You have a website dedicated to Dylan — what would you say is the reason you are such a fan?

I do have a website boblinks.com, which I started in 1995 and has become quite popular with over 41 millions visits on the page counter. I try and keep the Dylan community informed on Bob's upcoming tours and I post the set list and reviews after each of Bob's shows.

I have been a fan of Bob's music for over 50 years. I first heard about Bob back in the fall of 1961, even before his first album came out. I was in college at the University of Wisconsin in Madison at the time and some friends at the university who were from New York City showed me a review of an early show in Folk City in October 1961, which had been written up in the New York Times. Being the collector that I am, I saved the newspaper and the review. The next year I bought his first album when it came out. I have been collecting ever since. I recently exhibited some of the items in my collection at the museum in Carnegie Hall in New York City. I currently have an exhibit in Duluth at the Karpeles Manuscript Museum, which runs through Aug. 1, and am exhibiting some pieces at the American Writers Museum in Chicago, which runs through the end of the year.

Anything you’d like to add?

The main reason I am doing this is to play a small part in helping to preserve Bob's legacy especially in Northern Minnesota, the area where he was born and grew up. Bob Dylan is one of our National Cultural Treasures and now a Nobel Laureate. Hibbing and Duluth have not done enough to recognize Bob over the years. We did have Zimmy's Restaurant and a section of Seventh Avenue renamed Bob Dylan Drive, thanks my friends Bob and Linda Hocking and the naming of Bob Dylan Way in Duluth, but there has not been much done beyond that.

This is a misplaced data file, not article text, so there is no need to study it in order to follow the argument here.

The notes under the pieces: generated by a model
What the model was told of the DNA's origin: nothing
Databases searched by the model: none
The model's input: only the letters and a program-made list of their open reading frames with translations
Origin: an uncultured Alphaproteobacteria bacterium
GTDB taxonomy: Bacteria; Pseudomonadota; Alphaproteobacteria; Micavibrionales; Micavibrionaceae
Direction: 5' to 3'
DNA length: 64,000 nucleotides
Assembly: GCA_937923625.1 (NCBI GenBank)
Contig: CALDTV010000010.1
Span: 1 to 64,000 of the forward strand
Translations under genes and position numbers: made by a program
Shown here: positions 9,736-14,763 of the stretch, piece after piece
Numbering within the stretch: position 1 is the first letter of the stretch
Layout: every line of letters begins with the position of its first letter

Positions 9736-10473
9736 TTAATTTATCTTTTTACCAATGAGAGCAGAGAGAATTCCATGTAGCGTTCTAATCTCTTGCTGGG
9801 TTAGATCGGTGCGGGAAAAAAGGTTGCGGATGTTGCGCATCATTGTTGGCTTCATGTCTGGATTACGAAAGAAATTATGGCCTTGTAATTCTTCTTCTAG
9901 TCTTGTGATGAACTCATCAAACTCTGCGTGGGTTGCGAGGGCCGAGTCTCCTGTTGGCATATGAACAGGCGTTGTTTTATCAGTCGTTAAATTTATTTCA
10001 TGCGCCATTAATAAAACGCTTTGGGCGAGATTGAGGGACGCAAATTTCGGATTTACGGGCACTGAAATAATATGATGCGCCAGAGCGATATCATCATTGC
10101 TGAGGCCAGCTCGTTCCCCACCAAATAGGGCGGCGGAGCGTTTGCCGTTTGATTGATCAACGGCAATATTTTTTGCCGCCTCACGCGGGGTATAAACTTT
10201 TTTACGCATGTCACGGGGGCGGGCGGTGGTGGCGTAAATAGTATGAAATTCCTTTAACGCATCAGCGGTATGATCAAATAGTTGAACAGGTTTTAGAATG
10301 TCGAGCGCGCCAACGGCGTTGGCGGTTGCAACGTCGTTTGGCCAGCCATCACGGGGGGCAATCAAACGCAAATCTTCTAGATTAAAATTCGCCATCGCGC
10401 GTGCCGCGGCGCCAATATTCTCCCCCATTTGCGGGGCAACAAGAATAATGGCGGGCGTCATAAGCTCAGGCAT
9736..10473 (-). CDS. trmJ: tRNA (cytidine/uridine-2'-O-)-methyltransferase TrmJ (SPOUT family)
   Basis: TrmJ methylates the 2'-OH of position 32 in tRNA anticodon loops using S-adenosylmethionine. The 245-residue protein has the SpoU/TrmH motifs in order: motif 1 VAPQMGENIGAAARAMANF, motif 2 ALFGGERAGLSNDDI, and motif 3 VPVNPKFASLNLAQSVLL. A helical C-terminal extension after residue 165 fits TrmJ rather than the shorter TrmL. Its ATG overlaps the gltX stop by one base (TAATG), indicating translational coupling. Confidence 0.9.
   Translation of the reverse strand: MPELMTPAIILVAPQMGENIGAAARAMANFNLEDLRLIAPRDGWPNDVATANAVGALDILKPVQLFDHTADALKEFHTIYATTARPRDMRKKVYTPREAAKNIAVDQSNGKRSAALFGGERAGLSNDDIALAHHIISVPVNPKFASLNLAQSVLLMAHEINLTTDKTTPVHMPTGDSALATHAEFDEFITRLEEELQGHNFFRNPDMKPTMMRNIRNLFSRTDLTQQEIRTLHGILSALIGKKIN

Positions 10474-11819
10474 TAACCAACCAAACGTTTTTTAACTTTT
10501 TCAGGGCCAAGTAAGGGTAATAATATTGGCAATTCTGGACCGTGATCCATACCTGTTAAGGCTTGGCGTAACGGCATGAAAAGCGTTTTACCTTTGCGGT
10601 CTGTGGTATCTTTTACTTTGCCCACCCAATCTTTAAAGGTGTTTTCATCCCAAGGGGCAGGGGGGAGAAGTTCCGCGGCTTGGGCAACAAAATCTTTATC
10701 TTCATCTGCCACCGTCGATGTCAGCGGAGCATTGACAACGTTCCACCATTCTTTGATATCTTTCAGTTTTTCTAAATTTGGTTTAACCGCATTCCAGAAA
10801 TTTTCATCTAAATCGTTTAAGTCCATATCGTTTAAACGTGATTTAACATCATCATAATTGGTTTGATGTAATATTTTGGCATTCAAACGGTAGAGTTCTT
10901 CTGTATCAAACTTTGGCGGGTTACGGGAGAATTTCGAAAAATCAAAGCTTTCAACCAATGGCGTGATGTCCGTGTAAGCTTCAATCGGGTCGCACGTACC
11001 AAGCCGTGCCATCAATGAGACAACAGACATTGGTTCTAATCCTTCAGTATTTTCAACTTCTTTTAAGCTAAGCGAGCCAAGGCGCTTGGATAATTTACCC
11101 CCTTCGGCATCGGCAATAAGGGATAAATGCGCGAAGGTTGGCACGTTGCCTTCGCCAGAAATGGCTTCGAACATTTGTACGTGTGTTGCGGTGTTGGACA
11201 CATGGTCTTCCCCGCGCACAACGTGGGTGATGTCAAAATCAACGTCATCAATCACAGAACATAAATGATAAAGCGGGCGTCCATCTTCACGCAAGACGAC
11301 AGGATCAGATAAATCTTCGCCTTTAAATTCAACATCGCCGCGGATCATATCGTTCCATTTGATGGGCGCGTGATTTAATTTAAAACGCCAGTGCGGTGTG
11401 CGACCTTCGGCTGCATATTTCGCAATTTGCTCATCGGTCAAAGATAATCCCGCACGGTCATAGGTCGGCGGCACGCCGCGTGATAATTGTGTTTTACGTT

On a positive note, The Hibbing Dylan Project is currently working on a public work of art honoring Bob, which will be located on the grounds of the High School. We also have to dispel the myth that Bob doesn't care about Hibbing and has expressed negative feelings toward our area. I hear this all the time from visitors who come to Hibbing and Duluth from all over the world and have talked to a few of the locals. Nothing could be further from the truth. Bob summed up his feelings toward our area in an interview with Douglas Brinkley in Rolling Stone magazine in 2009. In the interview, Bob said that once in a while when he comes down from Canada, ‘I’ll stop there in Hibbing and wander around.’

In the past five years, I’ve heard of three instances where Bob has been spotted in Hibbing. With regards to Duluth in the same interview, Bob said, ‘You'll never see another town like Duluth. It's not a tourist destination, but it should be.’ I also remember reading in another article that Bob complained to an interviewer at the end that reporters tend to omit the good things he says about this area.

2
0
0
1
0

Recommended for you

Load comments